The investigation shows the problem processors have when sourcing supplies of poultry fromcountries where the H5N1 virus has been found and where only partial restrictions on trade have beenput in place by the authorities. Processors must be especially vigilant in such cases about ensuringthey are sourcing supplies from non-restricted areas, or face the consequences.
In a statement yesterday, the Department of the Environment, and Rural Affairs (Defra) said theinvestigation was launched after preliminary scientific tests showed the viruses found at theBernard Matthews farm in Suffolk may be identical to the one behind the recent outbreaks in Hungary.
Last month the deadly H5N1 virus re-appeared in Hungary, infecting a 3,000-strong flock ofdomestic geese at a farm in the South-East of the country. Hungary put restrictions on the movementand sale of poultry outside the affected areas as mandated by the EU. The EU did not impose a tradeban the whole country.
Bernard Matthews has a processing plant in Hungary near the outbreak area and regularlytransports the meat to the UK plant, which is near its Suffolk plant. Defra said its investigationwill include looking into "arrangements" at the company's adjacent plant for foodprocessing.
"Along with a number of other hypotheses Defra, the Food Standards Agency and the HealthProtection Agency are investigating the possibility of a link between the Hungarian outbreaks,poultry meat from Hungary and the introduction of disease in the farm in Suffolk," Defra stated.
The discovery of the outbreak at the Bernard Matthews' Suffolk production site occurred last week. About 2,600 turkeys had died of the H5N1 virus before authorities closed off the site. They completed culling about 160,000 birds on 5 February.
Defra's deputy chief veterinary Fred Landeg said Bernard Matthews have voluntarily agreed totemporarily suspend the movement of poultry products between their outlets in the UK and Hungaryuntil the investigation is complete.
"Our investigations have shown that one possible route of infection is poultry productimported from Hungary," he said. "It is important that this is investigatedthoroughly, along with all the other possible routes."
Meanwhile the Daily Telegraph reported today that the Bernard Matthews' plant had been importingabout 38 tonnes of partly processed birds from Hungary every week by lorry.
A spokesperson for the company could not be reached by press time.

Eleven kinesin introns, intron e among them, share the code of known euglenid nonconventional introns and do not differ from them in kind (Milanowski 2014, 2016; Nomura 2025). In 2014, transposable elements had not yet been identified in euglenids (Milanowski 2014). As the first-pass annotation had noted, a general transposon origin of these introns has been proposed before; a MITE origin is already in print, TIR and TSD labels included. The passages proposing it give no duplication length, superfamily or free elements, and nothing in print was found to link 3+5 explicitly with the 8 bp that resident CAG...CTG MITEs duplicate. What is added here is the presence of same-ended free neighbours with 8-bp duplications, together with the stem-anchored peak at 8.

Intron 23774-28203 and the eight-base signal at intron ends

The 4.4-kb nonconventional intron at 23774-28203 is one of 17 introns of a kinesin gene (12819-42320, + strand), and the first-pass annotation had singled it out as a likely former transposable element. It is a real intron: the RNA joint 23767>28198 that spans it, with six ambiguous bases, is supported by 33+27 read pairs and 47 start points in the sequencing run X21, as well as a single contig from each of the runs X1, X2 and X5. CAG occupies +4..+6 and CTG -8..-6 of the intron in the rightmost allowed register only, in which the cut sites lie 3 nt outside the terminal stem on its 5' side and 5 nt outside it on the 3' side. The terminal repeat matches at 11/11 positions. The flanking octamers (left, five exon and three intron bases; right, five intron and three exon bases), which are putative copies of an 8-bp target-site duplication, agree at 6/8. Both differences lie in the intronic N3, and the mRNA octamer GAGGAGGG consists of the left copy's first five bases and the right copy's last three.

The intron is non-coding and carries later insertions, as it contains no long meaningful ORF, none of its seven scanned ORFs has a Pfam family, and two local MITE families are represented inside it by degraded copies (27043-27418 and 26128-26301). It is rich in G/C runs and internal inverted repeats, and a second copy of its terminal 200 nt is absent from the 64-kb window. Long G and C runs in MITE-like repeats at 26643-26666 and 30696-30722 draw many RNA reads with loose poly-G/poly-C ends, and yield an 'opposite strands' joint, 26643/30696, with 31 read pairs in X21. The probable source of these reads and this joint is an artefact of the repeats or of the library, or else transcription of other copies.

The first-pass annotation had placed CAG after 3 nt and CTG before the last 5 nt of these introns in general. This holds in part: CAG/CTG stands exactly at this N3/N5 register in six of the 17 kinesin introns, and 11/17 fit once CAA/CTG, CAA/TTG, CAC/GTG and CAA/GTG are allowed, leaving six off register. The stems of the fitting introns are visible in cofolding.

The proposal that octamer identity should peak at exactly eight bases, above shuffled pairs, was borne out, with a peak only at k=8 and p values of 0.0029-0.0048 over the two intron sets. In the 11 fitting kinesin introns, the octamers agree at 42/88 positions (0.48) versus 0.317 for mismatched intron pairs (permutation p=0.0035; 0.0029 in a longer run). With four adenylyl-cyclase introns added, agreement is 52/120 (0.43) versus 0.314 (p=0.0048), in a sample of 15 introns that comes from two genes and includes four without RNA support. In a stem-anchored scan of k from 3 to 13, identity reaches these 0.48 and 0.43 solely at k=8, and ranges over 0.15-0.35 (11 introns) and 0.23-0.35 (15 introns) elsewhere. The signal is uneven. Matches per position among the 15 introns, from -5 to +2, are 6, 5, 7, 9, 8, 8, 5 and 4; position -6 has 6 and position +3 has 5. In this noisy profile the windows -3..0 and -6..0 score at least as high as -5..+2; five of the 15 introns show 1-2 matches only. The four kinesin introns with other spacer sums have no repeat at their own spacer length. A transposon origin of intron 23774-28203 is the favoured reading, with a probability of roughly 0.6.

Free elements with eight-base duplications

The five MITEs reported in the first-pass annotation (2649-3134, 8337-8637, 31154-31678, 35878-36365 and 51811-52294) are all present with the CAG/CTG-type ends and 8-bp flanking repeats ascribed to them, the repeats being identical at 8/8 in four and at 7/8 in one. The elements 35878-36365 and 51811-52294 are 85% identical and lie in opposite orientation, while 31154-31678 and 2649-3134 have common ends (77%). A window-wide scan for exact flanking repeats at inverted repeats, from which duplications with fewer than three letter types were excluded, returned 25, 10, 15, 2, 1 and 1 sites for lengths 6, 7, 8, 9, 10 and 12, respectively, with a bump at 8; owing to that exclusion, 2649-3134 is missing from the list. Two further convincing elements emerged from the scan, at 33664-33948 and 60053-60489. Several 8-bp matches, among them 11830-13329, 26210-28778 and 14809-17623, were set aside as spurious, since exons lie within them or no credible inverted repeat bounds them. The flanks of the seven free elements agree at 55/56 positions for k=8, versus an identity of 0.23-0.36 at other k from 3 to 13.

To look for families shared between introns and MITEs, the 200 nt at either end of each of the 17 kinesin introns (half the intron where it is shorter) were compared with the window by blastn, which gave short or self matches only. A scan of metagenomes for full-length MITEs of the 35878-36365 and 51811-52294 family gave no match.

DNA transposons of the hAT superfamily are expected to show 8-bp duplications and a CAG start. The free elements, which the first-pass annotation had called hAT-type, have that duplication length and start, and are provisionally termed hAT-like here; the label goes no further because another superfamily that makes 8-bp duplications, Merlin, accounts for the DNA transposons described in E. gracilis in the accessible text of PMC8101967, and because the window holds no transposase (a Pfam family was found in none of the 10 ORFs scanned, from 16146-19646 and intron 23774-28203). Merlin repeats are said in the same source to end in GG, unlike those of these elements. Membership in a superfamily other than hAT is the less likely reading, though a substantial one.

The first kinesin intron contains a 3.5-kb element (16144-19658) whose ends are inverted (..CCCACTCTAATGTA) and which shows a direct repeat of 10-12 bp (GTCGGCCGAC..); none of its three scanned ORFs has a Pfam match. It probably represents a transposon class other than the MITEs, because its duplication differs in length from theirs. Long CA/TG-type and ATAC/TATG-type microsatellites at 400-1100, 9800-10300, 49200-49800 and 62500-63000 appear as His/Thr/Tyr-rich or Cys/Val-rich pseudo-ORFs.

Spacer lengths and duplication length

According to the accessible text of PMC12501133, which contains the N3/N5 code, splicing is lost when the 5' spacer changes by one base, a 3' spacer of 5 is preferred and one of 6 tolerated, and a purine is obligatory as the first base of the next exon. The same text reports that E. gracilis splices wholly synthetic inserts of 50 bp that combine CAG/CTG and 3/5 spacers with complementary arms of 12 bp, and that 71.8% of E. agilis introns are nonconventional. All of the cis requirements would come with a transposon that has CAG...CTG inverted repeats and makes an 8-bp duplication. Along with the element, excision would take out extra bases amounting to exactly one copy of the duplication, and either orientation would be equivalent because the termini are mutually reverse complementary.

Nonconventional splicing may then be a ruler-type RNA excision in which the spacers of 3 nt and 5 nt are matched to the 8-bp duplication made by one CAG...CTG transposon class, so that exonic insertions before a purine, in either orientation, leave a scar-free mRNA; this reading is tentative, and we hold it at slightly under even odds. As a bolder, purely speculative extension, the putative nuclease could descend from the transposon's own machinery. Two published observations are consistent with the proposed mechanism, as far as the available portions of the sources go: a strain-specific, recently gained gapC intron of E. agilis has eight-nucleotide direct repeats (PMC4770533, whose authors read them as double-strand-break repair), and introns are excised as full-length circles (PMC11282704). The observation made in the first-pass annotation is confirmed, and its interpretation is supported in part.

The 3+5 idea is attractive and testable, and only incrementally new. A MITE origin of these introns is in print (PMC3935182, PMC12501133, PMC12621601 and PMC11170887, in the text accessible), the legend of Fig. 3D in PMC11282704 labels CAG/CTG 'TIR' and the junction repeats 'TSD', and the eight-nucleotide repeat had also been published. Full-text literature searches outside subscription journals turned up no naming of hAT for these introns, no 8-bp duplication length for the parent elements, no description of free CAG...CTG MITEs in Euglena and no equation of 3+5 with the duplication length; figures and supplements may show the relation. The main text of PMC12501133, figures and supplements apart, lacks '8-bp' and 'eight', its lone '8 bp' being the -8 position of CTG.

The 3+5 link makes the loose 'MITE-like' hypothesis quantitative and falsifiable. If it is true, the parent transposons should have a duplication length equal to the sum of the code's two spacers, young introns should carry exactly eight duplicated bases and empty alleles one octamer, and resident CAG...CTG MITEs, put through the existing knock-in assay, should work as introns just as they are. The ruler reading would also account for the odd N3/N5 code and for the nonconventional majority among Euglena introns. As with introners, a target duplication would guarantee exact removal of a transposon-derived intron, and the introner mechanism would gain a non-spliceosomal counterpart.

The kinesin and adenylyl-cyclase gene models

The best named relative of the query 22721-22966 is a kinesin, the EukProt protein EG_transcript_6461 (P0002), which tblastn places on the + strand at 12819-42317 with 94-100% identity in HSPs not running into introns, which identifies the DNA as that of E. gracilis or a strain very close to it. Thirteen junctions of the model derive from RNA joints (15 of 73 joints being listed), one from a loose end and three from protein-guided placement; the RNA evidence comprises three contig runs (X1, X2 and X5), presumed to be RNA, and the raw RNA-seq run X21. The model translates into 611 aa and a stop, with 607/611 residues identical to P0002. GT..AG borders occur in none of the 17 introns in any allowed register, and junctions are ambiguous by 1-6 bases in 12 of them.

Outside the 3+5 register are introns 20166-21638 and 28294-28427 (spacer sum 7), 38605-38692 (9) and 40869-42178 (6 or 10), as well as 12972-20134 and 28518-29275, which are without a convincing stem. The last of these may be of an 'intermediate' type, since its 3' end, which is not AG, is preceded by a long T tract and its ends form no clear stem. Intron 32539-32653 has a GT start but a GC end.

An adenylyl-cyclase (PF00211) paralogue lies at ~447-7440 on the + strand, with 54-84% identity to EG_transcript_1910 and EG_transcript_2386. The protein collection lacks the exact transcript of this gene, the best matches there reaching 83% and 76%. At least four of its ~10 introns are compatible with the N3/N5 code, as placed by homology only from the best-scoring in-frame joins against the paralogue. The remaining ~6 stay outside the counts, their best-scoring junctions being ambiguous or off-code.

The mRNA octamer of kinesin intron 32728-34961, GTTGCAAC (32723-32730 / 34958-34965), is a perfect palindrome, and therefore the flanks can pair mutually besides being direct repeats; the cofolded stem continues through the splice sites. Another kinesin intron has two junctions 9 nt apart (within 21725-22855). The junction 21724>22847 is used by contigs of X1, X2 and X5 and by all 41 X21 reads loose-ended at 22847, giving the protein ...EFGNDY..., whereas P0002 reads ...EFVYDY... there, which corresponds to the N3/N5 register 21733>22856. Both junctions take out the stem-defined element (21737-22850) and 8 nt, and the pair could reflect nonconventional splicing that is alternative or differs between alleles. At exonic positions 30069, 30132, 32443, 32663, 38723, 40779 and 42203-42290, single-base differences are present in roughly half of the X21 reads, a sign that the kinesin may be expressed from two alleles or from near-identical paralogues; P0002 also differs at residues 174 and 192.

In a previous statement Bernard Matthews said none of the affected poultry had entered the food chain,therefore making it unnecessary to recall or withdraw any products or to issue refunds. Poultry meatfrom the company were "perfectly safe to eat", according to the statement.
The company produces about eight million turkeys every year in the UK, rearing them on 57farms throughout Norfolk, Suffolk and Lincolnshire. It also provides retailers with a variety ofdifferent frozen, fresh and chilled branded products from its processing centres. The company also hasproduction sites in Germany and Hungary.
While the UK's regulators are advising the public that the risk of H5N1 being transmitted frompoultry to humans was "extremely low", they can take heed of what happened last year inEurope, when a number of countries were affected by outbreaks. Due to a decline in consumption andexports due to the disease, some EU members were forced last year to stockpile supplies, leading toa glut in the market.
The last UK bird flu scare took place in Scotland in March last year, when H5N1 was found in adead wild swan. Then, chicken sales growth slowed by 10 per cent though consumption bounced back within a fewmonths, according to ACNielsen UK.
A survey released last month by the market analyst found that 78 per cent of consumers worldwidethink bird flu will have a negative impact on the economy. However, the online survey of 25,000 respondents in 45 countriesfound that only one in ten would eat less poultry as a result of the threat. About 57 of consumerssaid they are concerned about the safety of their food.
The UK's uncooked poultry market is worth £2.3bn a year and continues to grow at 2.6 per centannual rate, according to ACNielsen. The UK exported 271,000 tonnes of poultry meat worth £220.4m in the 12 months to October 2006, according to the British Poultry Council.
Of the value £31.1m were earned from exports of turkey meat alone, the bulk of which goes to other European countries. About 90 per cent of the poultry meat consumed in the UK is produceddomestically.
Ireland, Russia, Hong Kong, South Africa, South Korea and Japan have banned UK poultry meat, livebirds and hatching eggs. Defra has also said that it is in the process of confirming whether Indiahas also imposed a ban. Other countries could also impose bans as the UK has now lost its"disease free" status under International Health Organisation rules.
In other news, Turkey is today reporting four children with flu symptoms has been hospitalized asa precaution after an outbreak of H5N1 in a village in southeastern Turkey. An outbreak of H5N1 inTurkey in January 2006 infected 12 people, of whom four died.
The H5N1 strain is usually carried by wild birds and then transmitted to domestic flocks. In rare cases the deadly disease can be transmitted to humans.H5N1 has so far infected 271 people worldwide, of whom 166 have died, mainly in Asia.
The UK outbreak represents the largest incident of avian influenza in a domestic flock in central Europe and a resurgence of the disease. Europe had had no reported cases of avian flu since last August.